DO I HAVE A MARYLAND AUTOMOBILE ACCIDENT CLAIM?
An automobile accident can turn your life upside down. There’s so much to do–find reliable transportation, get to the doctor, deal with insurance companies, and survive missed work. The easiest way to know if you have a claim is to consult with a lawyer–don’t let the insurance company convince you that you have a claim (they are, after all, looking out for their own best interests).
Law School for Non-Lawyers
There are four requirements for every personal injury case. In order to recover in a lawsuit, each must be proven. For a settlement, the strength of one may help to overcome deficiencies in another.
- Duty: The negligent driver must have had a duty to drive in a reasonable manner. This is usually a given.
- Breach of duty: The negligent driver must have violated his duty by driving in an unreasonable way. Violating the standard of care (sometimes codified in a rule, like the Maryland Transportation Code, can help to prove a violation).
- Causation of damages: The duty breach must have caused injury to the claimant/victim.
- Damages: The claimant/victim must have some type of damage. This might include medical expenses, lost wages, property damage, pain, physical impairment, mental anguish and inconvenience.
Assuming there are no defenses (like contributory negligence of the victim, or statute of limitations).
What is the value of my case?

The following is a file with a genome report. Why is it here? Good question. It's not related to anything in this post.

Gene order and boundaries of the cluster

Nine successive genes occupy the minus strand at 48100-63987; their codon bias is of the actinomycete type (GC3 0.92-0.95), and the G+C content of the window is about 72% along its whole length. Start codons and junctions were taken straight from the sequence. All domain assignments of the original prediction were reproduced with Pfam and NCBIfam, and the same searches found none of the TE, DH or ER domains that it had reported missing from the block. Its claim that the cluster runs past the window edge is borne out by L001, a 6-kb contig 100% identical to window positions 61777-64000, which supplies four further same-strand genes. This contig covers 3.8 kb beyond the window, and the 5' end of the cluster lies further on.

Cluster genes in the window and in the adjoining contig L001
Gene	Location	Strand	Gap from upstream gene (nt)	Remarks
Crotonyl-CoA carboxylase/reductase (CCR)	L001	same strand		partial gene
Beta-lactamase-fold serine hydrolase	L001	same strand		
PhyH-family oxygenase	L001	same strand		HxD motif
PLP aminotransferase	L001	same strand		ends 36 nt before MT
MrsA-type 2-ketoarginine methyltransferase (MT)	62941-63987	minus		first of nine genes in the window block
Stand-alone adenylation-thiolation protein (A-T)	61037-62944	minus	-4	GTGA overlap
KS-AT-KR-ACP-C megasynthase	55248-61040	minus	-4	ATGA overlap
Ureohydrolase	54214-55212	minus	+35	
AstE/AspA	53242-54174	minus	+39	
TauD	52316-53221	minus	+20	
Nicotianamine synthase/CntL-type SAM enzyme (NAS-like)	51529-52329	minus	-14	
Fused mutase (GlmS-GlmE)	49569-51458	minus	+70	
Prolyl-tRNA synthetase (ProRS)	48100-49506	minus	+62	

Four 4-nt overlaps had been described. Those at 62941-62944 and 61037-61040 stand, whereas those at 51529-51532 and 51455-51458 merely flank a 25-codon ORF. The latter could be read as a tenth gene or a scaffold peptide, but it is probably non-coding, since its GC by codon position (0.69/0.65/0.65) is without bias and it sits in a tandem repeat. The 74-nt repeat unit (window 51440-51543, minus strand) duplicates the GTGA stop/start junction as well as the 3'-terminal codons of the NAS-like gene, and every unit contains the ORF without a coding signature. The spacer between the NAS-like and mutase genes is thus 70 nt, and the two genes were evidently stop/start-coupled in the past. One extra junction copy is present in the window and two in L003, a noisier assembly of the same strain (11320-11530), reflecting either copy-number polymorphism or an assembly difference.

There is no way any internet site can tell you the value of your case. This is because there are many very case-specific factors. In general, the value is:
Medical expenses + Lost income + Property damage + Non-economic damages For more on the numerous factors, see our recent series of blog posts:
- Liability (how easy is it to prove that the other driver was negligent and you were not)
- Economic damages (the total of your medical expenses, property damage, and lost wages)
- Non-economic damages (your pain, suffering, inconvenience, and aggravation, etc…)
- Venue/Jurisdiction (the court and location for your case)
- Personal Injury Protection (the amount of no-fault insurance used to reduce your medical expenses)
- Health insurance/medical reductions
- Attorneys’ fees,
For More Information
When in doubt, contact a lawyer (whether our firm, or someone else). The biggest risk early on is that you do not act quickly enough to preserve evidence, or send legally-required notices which may be necessary to preserve your right to make a claim. Let us know if you have any questions–443.850.4426, online or firstname.lastname@example.org.